I got my mitral valve repaired. Awesome medical team (GP, PA, cardiologist, cardiothoracic surgeon, their staffs), relatively quick recovery (I was back at work in 3 weeks, although it took months and months to feel “normal” again) and a once-in-a-lifetime experience that turned me into a pampered diva (shooting a commercial for Baptist Health). I now have my own chauffeur (OK, Bruce already chauffeured me sometimes, but now he does it more often – and with attitude). The diva perqs pretty much begin and end there, though.
I got a wellness certification (we traveled to Colorado in April for the final 16 hours of training). I’m still pondering the best ways to work this new knowledge into my “life’s mission.” Motivational talks, one-on-one counseling, writing … those ideas are all part of the little bubble that hovers over my head at all times (and frequently keeps me from sleeping through the night).
I started looking more seriously at ways to make my blog a little more … marketable. (In other words, I want more people to read it! Also, I want people to pay me to write for them.) I attended Arkansas Women Bloggers University last week (stay tuned for more posts about that awesome event!), and I learned a ton, networked a lot, made several new friends, ate too much and slept too little. But it was the most fun I’ve had all year! Bruce and I even got in an early-morning run with a couple of our new blogger friends, Jodi and Fawn – both super-nice people. In February, I paid a teenager to design the Suzy & Spice banner you see above. Didn’t he do an awesome job? (Hey, you can subscribe to Suzy & Spice by clickinghere. It just means you’ll receive an email when I publish a new post. Don’t worry – we won’t spam you, sell your info or do any other creepy thing with your email address.)
I started incorporating “Awesome!” into my conversations a lot more. Don’t ask me why. I guess I thought it sounded … awesome. (There is no link for this.)
I went up and down, back and forth, hot and cold (the latter, more figuratively than literally) with my running. After last year’s surgery, I got a little wimpy and had trouble motivating myself to lace up and hit the road. It was a lot easier when sunrise came earlier (that’s my favorite time to run), but I let the extreme cold and the oppressive humidity bench me too many times. I’m much slower than I was last year, and I was already pretty slow, although I was gaining a bit of speed with experience. Also, I’ve gained about 15 pounds since my surgery and am still trying to get a grip on that. I’m really angry with myself about the weight gain. But the first step (for me) is admitting it, and then going public with it (I weighed 173 this morning) and buckling down to do something about it. Because it makes me feel like a big fat hypocrite. But it also makes me human, and better able to relate to those I’m trying to help. (There’s a fine line, I know.) I guess you could say it keeps me humble.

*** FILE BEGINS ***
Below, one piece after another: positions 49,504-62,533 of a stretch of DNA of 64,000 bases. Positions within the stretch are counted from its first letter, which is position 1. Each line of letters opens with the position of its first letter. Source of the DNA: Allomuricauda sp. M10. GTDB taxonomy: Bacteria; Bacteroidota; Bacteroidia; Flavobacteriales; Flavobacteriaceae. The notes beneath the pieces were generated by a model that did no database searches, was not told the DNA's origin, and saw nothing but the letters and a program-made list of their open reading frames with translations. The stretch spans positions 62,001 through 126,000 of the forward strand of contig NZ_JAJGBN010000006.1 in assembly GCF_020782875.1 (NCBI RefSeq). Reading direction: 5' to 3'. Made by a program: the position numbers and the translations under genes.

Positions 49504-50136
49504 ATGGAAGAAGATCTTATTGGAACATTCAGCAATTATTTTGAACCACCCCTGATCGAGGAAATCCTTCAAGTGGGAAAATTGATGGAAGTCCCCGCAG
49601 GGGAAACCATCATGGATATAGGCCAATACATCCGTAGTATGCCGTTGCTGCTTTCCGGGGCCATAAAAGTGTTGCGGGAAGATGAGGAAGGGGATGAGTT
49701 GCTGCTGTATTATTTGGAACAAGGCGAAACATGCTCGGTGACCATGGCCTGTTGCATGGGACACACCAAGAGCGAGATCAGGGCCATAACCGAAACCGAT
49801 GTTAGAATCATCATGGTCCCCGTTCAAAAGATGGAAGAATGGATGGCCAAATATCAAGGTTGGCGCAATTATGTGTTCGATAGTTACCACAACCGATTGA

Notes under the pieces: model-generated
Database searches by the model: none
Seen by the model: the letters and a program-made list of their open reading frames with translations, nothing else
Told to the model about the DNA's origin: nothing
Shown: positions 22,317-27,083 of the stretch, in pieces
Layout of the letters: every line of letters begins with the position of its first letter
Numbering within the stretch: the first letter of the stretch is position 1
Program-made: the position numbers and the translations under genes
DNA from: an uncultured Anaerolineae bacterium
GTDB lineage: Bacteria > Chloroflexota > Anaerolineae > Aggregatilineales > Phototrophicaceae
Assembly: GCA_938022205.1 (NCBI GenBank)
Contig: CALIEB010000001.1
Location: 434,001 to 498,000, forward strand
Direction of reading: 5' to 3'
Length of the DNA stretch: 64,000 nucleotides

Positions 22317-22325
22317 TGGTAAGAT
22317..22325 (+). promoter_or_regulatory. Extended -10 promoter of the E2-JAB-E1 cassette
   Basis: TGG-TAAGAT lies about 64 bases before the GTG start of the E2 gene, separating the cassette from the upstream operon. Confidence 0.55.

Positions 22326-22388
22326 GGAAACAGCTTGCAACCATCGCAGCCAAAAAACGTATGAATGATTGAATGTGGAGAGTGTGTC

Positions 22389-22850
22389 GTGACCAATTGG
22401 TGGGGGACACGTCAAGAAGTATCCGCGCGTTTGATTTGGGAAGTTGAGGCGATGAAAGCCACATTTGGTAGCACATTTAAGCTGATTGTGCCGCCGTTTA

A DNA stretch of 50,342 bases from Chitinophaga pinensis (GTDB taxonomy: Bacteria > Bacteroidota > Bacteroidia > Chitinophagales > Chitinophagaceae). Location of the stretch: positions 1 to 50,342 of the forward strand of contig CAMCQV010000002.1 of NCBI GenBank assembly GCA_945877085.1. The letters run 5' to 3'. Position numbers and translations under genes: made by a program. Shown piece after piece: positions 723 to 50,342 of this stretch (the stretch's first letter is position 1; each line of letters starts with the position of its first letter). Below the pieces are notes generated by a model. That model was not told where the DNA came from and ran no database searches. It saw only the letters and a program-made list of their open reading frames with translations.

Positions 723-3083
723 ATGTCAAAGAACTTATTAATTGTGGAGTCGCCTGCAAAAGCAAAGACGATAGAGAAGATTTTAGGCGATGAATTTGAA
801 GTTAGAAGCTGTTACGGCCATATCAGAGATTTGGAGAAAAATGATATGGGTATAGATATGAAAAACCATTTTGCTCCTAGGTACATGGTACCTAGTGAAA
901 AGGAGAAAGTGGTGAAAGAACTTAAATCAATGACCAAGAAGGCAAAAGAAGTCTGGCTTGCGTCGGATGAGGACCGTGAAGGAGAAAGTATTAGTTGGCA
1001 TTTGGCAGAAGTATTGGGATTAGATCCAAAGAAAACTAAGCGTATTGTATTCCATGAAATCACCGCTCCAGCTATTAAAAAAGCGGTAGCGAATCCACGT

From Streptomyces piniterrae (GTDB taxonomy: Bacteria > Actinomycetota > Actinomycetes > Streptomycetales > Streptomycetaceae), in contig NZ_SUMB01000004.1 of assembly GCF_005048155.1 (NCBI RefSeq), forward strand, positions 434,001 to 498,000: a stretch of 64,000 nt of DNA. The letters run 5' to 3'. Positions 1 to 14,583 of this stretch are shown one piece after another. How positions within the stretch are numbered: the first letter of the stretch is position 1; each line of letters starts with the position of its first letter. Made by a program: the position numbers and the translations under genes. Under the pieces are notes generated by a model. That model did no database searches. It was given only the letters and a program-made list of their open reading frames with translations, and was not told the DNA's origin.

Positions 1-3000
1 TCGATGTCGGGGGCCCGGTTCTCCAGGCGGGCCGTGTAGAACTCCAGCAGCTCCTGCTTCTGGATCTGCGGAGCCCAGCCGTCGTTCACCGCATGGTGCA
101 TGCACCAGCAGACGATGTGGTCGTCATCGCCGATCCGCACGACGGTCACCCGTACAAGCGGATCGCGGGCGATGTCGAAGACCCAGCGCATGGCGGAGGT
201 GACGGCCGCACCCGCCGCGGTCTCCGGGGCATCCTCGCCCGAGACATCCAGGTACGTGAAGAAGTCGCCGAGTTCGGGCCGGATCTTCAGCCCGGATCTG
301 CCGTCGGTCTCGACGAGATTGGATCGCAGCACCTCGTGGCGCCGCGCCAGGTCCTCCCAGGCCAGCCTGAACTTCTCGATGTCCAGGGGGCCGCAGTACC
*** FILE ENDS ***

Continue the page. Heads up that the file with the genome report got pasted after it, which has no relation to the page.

I lost another dear family member (an uncle, less than three weeks ago) and got word yesterday that we may lose another uncle soon. He’s under hospice care, and only the good Lord knows when his time will come. This is in addition to our loss in 2013 of four cousins (on my side) – one of them the day before my surgery – and Bruce’s precious mother.
I signed up for another half-marathon to raise money for the Crohn’s and Colitis Foundation of America, through the Team Challenge endurance training and fundraising program. This will be my third year to raise money for Team Challenge, but only my second time to get to participate in the race. The first half-marathon was 2 years ago this month, and I had been fundraising for the second one last September, but my surgery trumped that event. Bruce and I had decided not to plan another Team Challenge race for me this year because the fundraising is just too hard; because last year was emotionally and financially draining for us; and because I was still recovering physically from the surgery … but then I got an email in May about the Walt Disney World Half Marathon in January 2015, and apparently I lost my ever-lovin’ mind. So, technically, I won’t be racing in 2014, but I am raising money again already. WHAT WAS I THINKING? (Oh, I know: I was thinking I STILL want to kick the poo out of Crohn’s disease. I guess that’s a good enough reason to kill myself doing something I hate: asking people for money.) If you’d like to help me reach my $4,500 goal before I take a nose-dive off the Cliffs of Insanity, please click here.
Took my first yoga class in November. I’m talking live class, not read-a-book-and-try-to-figure-out-what-the-heck-they’re-talking-about, not watch-a-video-and-try-to-look-at-a-little-screen while figuring things out, but an honest-to-goodness class with a live – and very gentle and sweet – teacher. I’m telling you, yoga, while offering a calm respite from the cares of the world, is not for sissies. You feel great (awesome?) afterward, sometimes even during, but it’s a hurts-so-good kind of great. I learned some new words (and not all of them specifically yoga related, if you know what I mean), and I learned that I was really missing out all those years when I couldn’t find a class that a) I could afford and b) worked with my schedule. Fortunately, this new class and teacher meet both of those criteria. Just another stop on my wellness journey.